Updated: Mar 17
For Hiring Teams:
Interviewing for Core Values: Behavioral Interviewing
Sabrina Deltoro, Founder & Recruiting Director
Delson Talent Consulting
March 16, 2023
Interviewing for core values, also known as values-based interviewing, is a way for companies to assess whether a candidate's personal values align with the company's values and culture. No matter the size of the company you work for, there’s likely guiding principles that inform how employees make difficult decisions and work together. One of the ways companies evaluate candidates to see if they align with those values is via a “behavioral interview.” This shouldn’t be misinterpreted as a chance to see if the interviewers would enjoy having a beer with the candidate (for so many reasons, that measuring stick isn’t the best!), rather, it’s an opportunity for the company to share more about the way decisions are made, and a chance for the candidate to share more about their personal ethos. When aligned with the company's values, candidates are more likely to be engaged and motivated, which can lead to better performance and retention.
Behavioral interviewing is a common approach to values-based interviewing, which involves asking candidates questions to learn about their past behavior and experiences in order to predict their future behavior. This approach is based on the idea that past behavior is a good indicator of future behavior. To conduct a values-based behavioral interview, it is important to first identify the specific core values that are important to your organization. If they aren’t already on your company website, it’s important to consider featuring them publicly so candidates can self-select in or out depending on how they feel they align with the core values. In the hiring process, it’s a good idea to have at least one session where an interviewer asks questions that probe the candidate's past experiences and behaviors as they relate to these values.
For example, if honesty is a value that is important to your organization, the interviewer might ask the candidate to describe a time when they had to be honest in a difficult situation. This not only shows you how the candidate has reacted in the past, but the type of example they choose may also give more information about their level of experience. I also recommend asking hypothetical questions to assess how the candidate thinks in real time - without a rehearsed, well prepared answer at the ready. Using the honesty example, an interviewer could propose a scenario and ask what the candidate would do in that scenario. If the role is for an Accountant, you could ask, “let’s pretend you manage a team and find out that one of your employees has been sending private company financial documents to their personal email. Walk me through what you might do in that scenario and why you’d take those actions.” This allows the candidate to demonstrate their views on honesty and how they prioritize this value in their actions.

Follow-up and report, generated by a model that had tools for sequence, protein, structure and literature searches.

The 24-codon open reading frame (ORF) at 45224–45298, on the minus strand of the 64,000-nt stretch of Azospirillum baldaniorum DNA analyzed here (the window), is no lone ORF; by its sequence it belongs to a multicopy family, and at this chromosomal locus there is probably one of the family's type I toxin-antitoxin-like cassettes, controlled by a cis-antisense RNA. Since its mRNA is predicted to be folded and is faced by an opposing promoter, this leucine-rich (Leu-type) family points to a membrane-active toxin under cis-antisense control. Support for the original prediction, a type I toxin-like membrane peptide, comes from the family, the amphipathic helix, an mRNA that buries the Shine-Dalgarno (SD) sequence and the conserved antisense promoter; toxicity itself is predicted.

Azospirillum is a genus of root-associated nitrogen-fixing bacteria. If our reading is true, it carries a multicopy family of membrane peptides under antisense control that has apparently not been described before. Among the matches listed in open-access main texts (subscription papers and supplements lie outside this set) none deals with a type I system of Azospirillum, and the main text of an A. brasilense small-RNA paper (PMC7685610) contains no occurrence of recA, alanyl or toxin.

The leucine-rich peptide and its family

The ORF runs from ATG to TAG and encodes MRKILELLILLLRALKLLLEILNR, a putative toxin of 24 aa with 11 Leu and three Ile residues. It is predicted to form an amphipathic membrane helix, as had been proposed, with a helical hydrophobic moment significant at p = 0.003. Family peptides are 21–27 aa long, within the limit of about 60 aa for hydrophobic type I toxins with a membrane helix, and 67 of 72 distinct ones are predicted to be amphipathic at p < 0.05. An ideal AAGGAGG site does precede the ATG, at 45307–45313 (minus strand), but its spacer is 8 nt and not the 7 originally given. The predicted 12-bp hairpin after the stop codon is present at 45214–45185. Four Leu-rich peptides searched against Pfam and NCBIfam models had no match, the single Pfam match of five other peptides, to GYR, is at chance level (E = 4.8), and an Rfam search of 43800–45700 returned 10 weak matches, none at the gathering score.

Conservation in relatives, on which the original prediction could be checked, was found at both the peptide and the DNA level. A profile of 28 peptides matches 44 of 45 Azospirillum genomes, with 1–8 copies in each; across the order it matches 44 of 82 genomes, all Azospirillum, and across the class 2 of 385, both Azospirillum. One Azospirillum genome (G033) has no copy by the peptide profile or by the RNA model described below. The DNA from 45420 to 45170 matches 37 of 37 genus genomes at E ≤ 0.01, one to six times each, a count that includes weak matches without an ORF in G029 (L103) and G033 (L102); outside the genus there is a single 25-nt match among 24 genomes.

Conducting values-based behavioral interviews without bias can be challenging. Unconscious biases are called that for a reason - they are often hard to identify. To reduce bias, use structured interviews to evaluate candidates based on specific and predetermined criteria. This can help to ensure that all candidates are evaluated fairly and consistently. There is evidence to suggest that values-based behavioral interviews can be effective in predicting job performance. Studies have shown that candidates who score high on values-based behavioral interviews were more likely to be successful in their roles and stay with the company longer, compared to candidates who scored lower*. If you have an Applicant Tracking System (ATS) such as Greenhouse or Lever, your recruiting team can include structured interview questions in the system in order to ask all candidates the same types of questions, and avoid repeat questions.
Here are a few examples of values-based behavioral interview questions for the core value of honesty:
Have you ever been put in a situation where doing the right thing would make you look bad? Tell me about how you handled it.
What would you do if you were asked to do something that went against your values?
Tell me about a situation when you felt honesty was inappropriate. Why? What did you do?
Can you describe a time when you had to work with someone who had different values than you? How did you handle the situation?
In conclusion, values-based behavioral interviews can be an effective way for companies to assess whether a candidate's personal values align with the company's values and culture. To conduct these interviews effectively and without bias, it is important to use structured interviews, diverse interview panels, and provide training on unconscious bias to interviewers. There is evidence to suggest that candidates who score high on values-based behavioral interviews are more likely to be successful in their roles and stay with an organization longer.
If you find yourself stuck and unsure what your company core values should be, or if you need help creating behavioral interview questions that align to your company core values, we can help! Reach out to us today so we can discuss how we can best partner to assist you with structuring your interview process.
*“Using Theory to Evaluate Personality and Job-Performance Relations” Research Gate
"Structured Interviews." Society for Human Resource Management